An island that remembers inmates and freedom-seekers
By Richard Gonzales
Special to the Star-Telegram
Associated Press Archives
An August 1934 view of the penitentiary on Alcatraz Island in San Francisco Bay.
Once visitors disembark onto Alcatraz Island, they notice the handwriting on the cement wall overlooking the dock. In red, the sign reads, "INDIANS WELCOME." At the bottom in bolder print, the words declare, "INDIAN LAND."
Most visitors to the Rock come to see and learn about the prison and its infamous guests. Al Capone, George "Machine Gun" Kelly and Robert Stroud (a.k.a. the Birdman of Alcatraz) are just some of the luminaries that the prison held. An award-winning audio directs visitors through the prison grounds, giving a gritty story of cell life.
But Alcatraz's walls hold another story, as their graffiti hints. Underneath the island's water tower, Dan Cook, an instructor with the Golden Gate National Parks Conservancy, tells interested visitors about the time that American Indians seized the island for 19 months in 1969-1971. In a distinct British accent, Cook challenged his audience about their knowledge of U.S. history.
Only one person in our group knew that England was the biggest foreign threat to the United States in the early 19th century or that the British had burned down the U.S. Capitol in the War of 1812. To guard the country from another British invasion, President Fillmore in 1850 had U.S. ports heavily guarded and tapped Alcatraz Island as a military facility.
Cook, in his English accent, said that Fillmore meant to keep the British out. Perhaps in 100 years, Spanish-accented guides along the Rio Grande will tell turistas about the U.S. government's attempt to bar border crossings with walls.
From the Civil War years until 1963, Alcatraz held prisoners of war, rebellious Indians and the worst U.S. prisoners. Attorney General Robert Kennedy declared the prison unfit in 1963 and shut it down.
In 1964, Sioux Indians cited a clause of the 1868 Treaty of Laramie giving any surplus federal land to the tribe. They seized the island for a few hours and were escorted off.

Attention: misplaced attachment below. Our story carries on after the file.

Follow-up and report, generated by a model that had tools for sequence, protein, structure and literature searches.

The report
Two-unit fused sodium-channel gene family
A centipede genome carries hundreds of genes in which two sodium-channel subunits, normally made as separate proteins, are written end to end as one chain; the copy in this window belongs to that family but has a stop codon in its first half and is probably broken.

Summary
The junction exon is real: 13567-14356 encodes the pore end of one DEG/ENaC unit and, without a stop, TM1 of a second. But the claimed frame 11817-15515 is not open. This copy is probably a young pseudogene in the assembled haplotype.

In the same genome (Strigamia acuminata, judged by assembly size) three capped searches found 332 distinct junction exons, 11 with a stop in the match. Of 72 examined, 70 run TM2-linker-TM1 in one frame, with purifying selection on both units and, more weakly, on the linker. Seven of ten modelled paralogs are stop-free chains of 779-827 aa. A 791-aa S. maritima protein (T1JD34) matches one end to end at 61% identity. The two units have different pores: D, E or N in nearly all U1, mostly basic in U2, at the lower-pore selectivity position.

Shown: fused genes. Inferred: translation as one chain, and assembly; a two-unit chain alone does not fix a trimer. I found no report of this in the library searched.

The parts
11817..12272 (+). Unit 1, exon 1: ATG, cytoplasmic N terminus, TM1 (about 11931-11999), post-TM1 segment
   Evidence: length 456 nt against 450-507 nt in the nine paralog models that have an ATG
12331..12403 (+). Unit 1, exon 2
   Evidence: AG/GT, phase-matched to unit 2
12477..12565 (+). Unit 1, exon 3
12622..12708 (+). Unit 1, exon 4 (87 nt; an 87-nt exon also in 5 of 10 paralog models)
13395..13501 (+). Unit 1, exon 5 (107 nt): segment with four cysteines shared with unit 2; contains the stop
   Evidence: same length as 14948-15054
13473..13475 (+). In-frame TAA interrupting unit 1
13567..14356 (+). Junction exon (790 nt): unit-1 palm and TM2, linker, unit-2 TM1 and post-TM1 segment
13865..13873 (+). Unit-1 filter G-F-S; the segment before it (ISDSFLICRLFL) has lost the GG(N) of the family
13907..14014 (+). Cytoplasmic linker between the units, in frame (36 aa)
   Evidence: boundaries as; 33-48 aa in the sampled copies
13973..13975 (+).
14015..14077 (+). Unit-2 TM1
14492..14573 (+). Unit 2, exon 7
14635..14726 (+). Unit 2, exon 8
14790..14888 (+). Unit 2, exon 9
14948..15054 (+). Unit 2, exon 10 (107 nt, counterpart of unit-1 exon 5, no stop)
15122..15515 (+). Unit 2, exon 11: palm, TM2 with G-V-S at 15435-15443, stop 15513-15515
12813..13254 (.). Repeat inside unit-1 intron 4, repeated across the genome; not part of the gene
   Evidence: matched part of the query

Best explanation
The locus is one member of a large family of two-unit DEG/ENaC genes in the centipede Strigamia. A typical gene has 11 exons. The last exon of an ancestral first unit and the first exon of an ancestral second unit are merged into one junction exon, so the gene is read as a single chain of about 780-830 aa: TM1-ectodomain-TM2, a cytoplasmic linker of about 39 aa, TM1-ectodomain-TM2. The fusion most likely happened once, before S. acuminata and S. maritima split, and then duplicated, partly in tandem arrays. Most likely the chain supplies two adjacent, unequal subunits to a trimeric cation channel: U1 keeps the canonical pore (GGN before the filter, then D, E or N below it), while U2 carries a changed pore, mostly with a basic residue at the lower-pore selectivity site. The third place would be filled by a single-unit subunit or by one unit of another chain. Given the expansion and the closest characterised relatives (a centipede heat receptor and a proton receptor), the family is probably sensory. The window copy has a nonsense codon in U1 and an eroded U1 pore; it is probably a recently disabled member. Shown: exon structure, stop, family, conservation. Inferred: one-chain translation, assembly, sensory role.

In an attempt to develop the island, the San Francisco Board of Supervisors awarded a lease to Lamar Hunt, a Texan and founder of the American Football League. He proposed to build a space theme park.
Before the deal could be finalized, college-age Bay Area Indians (called the "Indians of All Tribes") seized the island in November 1969. When a secretary informed President Nixon about the seizure, he expressed relief that the squatters weren't hippies.
At the time, strong anti-Vietnam and civil rights movements were roiling the country. Nixon wished to avoid bloodshed and further alienation of the public and decided to take a wait-and-see approach.
Letters to the editor and the president favored giving the island to the Indians. Money, food and supplies from across the country poured to the occupants. Led by Richard Oakes, a Mohawk, Indians from different tribes set aside rivalries and joined their brothers and sisters. The American Indian Movement took wings as they proposed to build a university and cultural center on the island.
Nixon's plan worked. The original idealism of the Indian students gave way to cynicism and power plays by older Indians. As the younger Indians returned to their college campuses, the older ones wrested control of the island. When fires burned several historical buildings and the lighthouse shut down, support dwindled. (Cook said that one alternative explanation for the blazes was that San Francisco police set them.)
Finally in June 1971, federal marshals stormed the island and removed the 15 remaining Indian occupants.
Cook said that visitors have grumbled that given the fee to visit the island, surely the government has enough money to repair the prison. He responds that visitors in Rome or Athens wouldn't dare tell the government to spiff up their ancient ruins.
The decaying, burnt buildings and red graffiti remind us that Alcatraz is a monument to our yearning for freedom both inside and outside the Rock's walls.
“NO PRISON BARS CAN STOP A PRAYER”
Here I am locked in my own shadow for more than 29 years
And yet I have reached my hand through stone and steel and razor wire
And touched the heart of the world.
Mitakuye Oyasin , my Lakota brethren say
We are all related
We are one